Were medieval people just made of hardier stock than me? Yup. As a Westerner born in the last quarter of the 20th-century, I have had central heating at my disposal for most of my life (with a brief interruption when I was living in England: I was cold all the time. Older night-storage heaters are a crime against humanity.). And although we do not heat excessively, but put on a cardigan instead, I do not doubt that it is much more comfortable than it was in the medieval period.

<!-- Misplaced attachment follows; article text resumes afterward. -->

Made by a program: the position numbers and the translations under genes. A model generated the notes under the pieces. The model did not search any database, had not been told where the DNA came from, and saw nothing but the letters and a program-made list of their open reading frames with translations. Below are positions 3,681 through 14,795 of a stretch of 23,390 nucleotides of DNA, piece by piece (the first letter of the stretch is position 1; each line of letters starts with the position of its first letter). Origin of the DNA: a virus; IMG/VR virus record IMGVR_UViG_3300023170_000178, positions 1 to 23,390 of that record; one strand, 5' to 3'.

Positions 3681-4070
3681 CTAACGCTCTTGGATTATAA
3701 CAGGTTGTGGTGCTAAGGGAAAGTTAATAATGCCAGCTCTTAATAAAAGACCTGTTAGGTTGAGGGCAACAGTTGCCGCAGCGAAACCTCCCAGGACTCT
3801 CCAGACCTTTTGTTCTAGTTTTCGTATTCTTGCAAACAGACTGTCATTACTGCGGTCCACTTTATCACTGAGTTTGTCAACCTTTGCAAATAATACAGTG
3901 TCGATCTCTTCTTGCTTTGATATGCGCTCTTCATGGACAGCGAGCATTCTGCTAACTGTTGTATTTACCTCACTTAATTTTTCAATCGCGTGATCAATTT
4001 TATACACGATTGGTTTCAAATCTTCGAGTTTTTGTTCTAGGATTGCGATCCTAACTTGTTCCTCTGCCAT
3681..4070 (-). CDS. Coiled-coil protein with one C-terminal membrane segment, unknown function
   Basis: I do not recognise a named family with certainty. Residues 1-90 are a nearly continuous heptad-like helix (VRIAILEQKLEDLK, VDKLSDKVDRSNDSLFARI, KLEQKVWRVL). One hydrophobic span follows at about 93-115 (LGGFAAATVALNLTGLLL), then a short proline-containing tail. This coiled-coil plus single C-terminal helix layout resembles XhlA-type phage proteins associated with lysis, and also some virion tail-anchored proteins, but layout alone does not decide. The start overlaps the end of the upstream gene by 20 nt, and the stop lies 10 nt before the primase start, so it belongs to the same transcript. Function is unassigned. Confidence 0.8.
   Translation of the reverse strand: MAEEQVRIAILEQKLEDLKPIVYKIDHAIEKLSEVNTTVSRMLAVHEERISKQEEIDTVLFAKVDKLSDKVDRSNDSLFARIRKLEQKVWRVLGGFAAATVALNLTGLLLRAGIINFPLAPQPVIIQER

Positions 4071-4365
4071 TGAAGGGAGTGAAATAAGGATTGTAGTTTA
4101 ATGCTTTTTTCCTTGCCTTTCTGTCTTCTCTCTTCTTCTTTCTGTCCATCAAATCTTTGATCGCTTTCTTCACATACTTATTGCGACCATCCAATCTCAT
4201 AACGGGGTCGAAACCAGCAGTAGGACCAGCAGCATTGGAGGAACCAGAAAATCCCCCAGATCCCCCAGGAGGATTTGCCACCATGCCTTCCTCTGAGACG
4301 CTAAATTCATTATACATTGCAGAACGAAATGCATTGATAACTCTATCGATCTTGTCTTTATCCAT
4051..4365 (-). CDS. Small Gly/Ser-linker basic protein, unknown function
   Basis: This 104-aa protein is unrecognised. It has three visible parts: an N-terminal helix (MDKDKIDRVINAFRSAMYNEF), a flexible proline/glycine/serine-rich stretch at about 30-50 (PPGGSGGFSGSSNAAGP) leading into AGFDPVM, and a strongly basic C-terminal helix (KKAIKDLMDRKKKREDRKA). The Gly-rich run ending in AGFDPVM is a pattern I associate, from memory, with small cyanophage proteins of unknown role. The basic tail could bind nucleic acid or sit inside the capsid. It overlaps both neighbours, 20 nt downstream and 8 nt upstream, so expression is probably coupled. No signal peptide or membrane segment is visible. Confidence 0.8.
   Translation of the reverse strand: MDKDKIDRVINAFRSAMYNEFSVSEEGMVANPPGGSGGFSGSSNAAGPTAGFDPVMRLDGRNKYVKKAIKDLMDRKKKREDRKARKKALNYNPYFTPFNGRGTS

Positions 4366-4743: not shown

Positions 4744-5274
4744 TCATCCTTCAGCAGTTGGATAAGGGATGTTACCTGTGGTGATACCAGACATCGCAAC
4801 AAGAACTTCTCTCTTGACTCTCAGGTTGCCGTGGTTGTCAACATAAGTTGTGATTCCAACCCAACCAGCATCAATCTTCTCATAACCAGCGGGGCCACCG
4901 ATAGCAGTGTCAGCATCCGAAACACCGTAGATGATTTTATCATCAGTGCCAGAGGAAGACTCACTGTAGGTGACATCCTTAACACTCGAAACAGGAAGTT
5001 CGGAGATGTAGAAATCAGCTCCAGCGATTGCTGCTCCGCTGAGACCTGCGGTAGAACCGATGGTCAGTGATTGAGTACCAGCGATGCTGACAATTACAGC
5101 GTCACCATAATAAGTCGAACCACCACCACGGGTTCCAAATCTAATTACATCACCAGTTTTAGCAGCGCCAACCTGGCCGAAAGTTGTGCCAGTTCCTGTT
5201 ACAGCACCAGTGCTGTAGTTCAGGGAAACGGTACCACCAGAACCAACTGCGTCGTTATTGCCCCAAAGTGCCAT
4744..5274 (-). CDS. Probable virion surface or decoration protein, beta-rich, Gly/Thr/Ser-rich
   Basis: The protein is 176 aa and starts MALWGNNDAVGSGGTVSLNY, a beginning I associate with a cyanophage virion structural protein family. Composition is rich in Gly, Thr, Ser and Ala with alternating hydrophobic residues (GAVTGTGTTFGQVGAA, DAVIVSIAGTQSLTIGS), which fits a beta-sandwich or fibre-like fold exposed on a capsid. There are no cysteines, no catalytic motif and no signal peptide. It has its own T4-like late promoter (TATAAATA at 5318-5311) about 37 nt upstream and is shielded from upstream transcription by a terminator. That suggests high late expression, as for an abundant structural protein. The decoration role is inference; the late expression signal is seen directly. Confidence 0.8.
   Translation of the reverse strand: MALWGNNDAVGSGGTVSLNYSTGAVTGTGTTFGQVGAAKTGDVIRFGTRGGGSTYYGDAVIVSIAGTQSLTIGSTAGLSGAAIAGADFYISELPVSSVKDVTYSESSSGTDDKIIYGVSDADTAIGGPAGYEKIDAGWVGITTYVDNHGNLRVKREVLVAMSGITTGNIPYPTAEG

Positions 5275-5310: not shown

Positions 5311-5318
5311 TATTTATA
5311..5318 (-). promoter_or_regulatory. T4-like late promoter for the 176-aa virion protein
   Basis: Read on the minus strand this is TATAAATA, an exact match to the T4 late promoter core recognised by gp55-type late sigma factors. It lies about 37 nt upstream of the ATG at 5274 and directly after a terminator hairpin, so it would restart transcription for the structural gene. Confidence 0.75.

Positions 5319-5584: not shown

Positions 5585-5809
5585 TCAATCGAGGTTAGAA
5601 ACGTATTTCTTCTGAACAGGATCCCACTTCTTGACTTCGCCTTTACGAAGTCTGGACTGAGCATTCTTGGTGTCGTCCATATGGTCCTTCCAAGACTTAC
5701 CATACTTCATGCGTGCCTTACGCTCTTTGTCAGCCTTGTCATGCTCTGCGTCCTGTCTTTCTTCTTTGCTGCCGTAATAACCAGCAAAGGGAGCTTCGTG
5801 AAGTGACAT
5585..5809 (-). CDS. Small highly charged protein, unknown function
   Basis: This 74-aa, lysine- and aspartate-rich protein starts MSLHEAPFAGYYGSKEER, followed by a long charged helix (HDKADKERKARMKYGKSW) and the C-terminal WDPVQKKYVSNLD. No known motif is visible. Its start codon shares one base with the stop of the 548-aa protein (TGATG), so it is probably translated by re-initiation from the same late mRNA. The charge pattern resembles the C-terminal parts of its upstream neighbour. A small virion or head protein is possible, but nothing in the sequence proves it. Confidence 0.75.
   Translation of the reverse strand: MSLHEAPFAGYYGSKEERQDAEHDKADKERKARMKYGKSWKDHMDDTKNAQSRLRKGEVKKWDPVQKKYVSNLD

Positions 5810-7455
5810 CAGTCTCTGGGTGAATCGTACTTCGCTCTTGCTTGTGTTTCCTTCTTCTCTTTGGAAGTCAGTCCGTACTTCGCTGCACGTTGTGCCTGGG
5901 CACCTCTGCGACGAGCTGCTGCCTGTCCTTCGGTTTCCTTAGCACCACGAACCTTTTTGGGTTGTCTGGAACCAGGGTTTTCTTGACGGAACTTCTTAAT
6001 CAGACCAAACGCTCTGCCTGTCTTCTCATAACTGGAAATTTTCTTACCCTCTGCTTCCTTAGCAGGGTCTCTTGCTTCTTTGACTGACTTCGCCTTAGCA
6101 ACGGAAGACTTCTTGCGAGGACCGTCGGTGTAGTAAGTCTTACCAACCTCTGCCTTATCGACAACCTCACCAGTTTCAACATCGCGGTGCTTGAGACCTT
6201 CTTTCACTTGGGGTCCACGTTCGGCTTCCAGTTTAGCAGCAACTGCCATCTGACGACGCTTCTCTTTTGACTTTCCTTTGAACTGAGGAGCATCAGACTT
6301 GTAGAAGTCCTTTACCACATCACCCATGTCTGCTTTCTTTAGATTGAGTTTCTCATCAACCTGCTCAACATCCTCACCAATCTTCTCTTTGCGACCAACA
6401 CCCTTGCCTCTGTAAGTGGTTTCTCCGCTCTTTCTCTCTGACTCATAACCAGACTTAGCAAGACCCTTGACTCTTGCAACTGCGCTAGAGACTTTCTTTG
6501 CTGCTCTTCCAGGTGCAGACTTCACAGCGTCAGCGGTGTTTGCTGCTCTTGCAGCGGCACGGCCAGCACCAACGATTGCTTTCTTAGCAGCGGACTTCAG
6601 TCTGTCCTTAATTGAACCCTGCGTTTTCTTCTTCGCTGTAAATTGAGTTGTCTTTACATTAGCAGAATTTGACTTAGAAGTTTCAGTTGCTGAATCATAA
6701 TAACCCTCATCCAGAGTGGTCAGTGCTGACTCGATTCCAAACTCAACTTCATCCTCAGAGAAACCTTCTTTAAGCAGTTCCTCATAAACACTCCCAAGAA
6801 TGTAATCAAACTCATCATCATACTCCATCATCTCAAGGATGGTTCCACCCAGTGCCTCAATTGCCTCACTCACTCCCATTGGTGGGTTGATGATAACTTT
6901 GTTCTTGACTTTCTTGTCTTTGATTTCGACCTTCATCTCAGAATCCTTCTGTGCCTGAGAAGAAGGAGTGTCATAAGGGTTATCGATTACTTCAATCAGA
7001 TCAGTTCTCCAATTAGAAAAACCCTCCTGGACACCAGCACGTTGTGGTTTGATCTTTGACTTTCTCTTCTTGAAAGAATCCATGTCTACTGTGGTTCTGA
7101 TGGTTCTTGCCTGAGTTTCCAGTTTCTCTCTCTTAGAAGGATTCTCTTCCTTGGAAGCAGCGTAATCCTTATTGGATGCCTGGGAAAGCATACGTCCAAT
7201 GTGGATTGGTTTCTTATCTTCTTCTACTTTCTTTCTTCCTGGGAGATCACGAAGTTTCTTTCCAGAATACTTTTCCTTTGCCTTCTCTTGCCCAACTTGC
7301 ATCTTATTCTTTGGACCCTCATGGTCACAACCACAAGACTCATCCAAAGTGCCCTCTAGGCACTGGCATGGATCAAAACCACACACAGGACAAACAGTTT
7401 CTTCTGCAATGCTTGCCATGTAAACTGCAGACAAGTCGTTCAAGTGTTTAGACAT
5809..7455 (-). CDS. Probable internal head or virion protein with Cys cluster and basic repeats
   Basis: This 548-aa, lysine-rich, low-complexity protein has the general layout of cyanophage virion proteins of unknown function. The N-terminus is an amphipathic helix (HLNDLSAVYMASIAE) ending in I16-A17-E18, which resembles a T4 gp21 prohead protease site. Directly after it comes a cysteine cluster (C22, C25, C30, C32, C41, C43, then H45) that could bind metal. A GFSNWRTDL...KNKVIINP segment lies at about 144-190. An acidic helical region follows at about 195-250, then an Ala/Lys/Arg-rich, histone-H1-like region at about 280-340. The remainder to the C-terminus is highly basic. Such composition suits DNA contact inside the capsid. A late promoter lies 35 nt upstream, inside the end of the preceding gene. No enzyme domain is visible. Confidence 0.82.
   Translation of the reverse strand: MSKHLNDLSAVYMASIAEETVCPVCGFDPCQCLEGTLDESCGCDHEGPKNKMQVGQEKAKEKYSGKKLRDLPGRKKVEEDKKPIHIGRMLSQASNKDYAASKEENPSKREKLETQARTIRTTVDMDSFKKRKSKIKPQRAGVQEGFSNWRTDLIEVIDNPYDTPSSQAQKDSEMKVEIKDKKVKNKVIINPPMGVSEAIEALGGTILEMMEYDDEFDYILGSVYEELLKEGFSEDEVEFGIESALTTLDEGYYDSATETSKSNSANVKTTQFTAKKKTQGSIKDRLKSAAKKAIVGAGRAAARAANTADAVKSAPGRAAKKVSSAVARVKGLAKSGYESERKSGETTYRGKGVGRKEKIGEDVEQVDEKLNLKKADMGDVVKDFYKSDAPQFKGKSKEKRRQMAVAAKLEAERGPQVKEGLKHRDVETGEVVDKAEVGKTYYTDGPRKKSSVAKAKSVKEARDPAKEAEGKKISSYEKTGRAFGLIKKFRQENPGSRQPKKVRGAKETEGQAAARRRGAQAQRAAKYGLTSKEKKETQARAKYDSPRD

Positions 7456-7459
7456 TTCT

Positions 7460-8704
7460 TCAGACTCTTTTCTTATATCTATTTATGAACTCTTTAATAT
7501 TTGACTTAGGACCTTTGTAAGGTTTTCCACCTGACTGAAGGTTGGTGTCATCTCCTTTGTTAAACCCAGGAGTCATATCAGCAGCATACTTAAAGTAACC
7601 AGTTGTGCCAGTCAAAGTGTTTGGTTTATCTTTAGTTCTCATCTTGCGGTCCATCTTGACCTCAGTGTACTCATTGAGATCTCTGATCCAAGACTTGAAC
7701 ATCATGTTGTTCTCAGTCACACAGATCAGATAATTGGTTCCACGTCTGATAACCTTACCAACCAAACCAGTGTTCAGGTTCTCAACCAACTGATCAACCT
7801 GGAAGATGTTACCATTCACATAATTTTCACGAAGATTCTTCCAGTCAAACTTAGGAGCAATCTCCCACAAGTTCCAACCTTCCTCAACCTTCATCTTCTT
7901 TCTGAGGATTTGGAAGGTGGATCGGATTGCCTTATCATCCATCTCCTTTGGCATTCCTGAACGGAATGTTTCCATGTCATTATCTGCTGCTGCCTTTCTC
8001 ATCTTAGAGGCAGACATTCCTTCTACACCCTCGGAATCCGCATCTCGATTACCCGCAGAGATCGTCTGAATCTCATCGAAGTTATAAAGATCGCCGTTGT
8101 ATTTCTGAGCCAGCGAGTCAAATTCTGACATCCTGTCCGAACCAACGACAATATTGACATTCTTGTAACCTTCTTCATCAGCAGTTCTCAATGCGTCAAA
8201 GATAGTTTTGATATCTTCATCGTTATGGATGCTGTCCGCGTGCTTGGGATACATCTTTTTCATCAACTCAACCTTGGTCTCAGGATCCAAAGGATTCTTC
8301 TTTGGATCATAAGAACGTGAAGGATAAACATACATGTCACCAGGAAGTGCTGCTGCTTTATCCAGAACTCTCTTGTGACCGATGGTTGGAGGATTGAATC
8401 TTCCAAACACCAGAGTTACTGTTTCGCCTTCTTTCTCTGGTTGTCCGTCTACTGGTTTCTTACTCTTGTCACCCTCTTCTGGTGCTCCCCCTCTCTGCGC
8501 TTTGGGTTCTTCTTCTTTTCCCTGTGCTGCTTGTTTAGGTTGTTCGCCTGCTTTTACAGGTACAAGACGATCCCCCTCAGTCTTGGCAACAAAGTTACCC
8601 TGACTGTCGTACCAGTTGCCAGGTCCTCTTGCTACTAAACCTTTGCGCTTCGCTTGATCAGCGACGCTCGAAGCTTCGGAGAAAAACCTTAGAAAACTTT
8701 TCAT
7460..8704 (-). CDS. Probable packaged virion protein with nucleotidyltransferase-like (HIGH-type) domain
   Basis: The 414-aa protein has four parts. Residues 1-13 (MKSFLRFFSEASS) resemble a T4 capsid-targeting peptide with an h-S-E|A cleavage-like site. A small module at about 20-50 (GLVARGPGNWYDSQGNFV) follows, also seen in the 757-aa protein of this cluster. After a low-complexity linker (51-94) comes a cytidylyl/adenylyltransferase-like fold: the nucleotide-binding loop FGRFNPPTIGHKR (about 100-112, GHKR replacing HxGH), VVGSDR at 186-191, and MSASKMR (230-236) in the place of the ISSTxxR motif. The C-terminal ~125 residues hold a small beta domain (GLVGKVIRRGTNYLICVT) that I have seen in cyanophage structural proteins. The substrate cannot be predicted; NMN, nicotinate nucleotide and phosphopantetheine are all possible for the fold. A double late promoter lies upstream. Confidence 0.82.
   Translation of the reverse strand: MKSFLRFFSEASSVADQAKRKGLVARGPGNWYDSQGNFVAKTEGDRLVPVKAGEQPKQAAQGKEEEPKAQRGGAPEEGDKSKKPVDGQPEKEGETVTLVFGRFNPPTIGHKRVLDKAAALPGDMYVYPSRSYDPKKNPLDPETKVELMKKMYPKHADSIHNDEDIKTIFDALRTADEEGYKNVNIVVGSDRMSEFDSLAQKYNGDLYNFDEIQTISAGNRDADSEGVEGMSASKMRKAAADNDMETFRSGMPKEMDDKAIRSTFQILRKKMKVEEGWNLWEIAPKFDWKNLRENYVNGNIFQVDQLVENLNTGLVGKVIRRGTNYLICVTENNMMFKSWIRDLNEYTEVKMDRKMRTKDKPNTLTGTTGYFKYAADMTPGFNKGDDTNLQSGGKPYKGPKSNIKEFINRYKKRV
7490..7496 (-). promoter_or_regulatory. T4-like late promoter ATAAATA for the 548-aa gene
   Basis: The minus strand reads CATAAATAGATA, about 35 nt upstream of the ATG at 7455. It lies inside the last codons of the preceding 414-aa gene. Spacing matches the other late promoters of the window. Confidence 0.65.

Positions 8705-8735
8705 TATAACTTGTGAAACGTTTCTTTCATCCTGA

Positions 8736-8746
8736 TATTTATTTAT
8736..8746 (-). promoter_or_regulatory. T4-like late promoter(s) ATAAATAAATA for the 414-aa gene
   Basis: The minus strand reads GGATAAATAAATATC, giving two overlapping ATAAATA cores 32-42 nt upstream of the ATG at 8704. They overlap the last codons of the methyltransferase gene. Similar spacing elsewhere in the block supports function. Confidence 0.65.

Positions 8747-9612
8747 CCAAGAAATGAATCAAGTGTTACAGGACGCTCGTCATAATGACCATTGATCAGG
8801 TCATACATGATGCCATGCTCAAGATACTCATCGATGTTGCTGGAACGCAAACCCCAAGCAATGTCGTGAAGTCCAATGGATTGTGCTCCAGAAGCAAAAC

Periodically, I will update you on my work in Glentleiten. It will be particularly interesting to see how my replica clothing holds up. And at what point I can actually move into the doorway or even completely outside with my stitching. Do come by to visit me if you can! You can find all the future data here. If you would like to learn medieval goldwork yourself in the contemporary surroundings of Glentleiten, have a look at last week's blog post. You don't need experience in goldwork embroidery to attend this two-day workshop. You do need to be able to thread a needle and a little general embroidery experience won't hurt (cross-stitch is fine!). Hope to see many of you at Glentleiten this year!